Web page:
time difference: UTC+5 (10 hours ahead of Washington, DC during Standard Time)
Administrative divisions:
4 provinces, 1 territory*, and 1 capital territory**; Balochistan, Federally Administered Tribal Areas*, Islamabad Capital Territory**, Khyber Pakhtunkhwa (formerly North-West Frontier Province), Punjab, Sindh
note: the Pakistani-administered portion of the disputed Jammu and Kashmir region consists of two administrative entities: Azad Kashmir and Gilgit-Baltistan
Independence:
14 August 1947 (from British India)
National holiday:
Republic Day, 23 March (1956)
Constitution:
12 April 1973; suspended 5 July 1977, restored 30 December 1985; suspended 15 October 1999, restored in stages in 2002; amended 31 December 2003; suspended 3 November 2007; restored on 15 December 2007; amended 19 April 2010
Legal system:
based on English common law with provisions to accommodate Pakistan's status as an Islamic state; accepts compulsory ICJ jurisdiction with reservations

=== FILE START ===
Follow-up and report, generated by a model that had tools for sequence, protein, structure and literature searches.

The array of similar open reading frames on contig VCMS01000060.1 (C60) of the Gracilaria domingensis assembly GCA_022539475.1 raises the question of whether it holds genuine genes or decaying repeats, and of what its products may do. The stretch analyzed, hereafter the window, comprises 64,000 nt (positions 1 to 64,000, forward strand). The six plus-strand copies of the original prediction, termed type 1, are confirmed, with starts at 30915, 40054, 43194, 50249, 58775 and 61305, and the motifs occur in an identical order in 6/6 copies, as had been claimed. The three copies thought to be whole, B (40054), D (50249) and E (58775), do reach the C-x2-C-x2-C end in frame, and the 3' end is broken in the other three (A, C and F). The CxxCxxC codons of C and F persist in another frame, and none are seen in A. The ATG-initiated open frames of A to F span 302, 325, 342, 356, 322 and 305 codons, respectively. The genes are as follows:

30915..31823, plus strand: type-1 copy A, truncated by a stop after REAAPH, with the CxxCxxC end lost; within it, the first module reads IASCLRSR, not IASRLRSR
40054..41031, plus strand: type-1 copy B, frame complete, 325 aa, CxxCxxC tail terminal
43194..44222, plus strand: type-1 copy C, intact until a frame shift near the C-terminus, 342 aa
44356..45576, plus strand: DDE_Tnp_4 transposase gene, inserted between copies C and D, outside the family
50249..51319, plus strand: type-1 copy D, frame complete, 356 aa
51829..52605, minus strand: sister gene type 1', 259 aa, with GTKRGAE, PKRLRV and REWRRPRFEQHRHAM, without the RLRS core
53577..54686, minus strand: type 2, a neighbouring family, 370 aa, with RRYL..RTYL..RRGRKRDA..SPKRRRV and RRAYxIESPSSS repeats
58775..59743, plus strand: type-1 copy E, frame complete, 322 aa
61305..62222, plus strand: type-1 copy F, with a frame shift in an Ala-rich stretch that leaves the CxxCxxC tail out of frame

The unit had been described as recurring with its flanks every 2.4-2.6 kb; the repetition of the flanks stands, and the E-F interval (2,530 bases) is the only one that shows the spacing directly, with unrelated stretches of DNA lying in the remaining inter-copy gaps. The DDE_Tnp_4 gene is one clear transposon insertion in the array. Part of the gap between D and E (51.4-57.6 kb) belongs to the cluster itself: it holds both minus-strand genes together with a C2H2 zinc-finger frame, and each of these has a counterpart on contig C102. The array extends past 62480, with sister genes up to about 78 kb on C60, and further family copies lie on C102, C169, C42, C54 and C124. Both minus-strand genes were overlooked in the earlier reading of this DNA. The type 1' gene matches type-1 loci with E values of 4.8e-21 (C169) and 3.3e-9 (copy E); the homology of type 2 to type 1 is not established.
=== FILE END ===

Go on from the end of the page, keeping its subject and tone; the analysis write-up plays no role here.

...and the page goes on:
Suffrage:
18 years of age; universal; joint electorates and reserved parliamentary seats for women and non-Muslims
Executive branch:
chief of state: President Asif Ali ZARDARI (since 9 September 2008)
head of government: Prime Minister Syed Yousuf Raza GILANI (since 25 March 2008)
cabinet: Cabinet appointed by the president upon the advice of the prime minister
elections: the president elected by secret ballot through an Electoral College comprising the members of the Senate, National Assembly, and the provincial assemblies for a five-year term; election last held on 6 September 2008 (next to be held not later than 2013); note - any person who is a Muslim and not less than 45 years of age and is qualified to be elected as a member of the National Assembly can contest the presidential election; the prime minister selected by the National Assembly; election last held on 24 March 2008
election results: Asif Ali ZARDARI elected president; ZARDARI 481 votes, SIDDIQUE 153 votes, SYED 44 votes; Syed Yousuf Raza GILANI elected prime minister; GILANI 264 votes, Pervaiz ELAHI 42 votes; several abstentions
Legislative branch: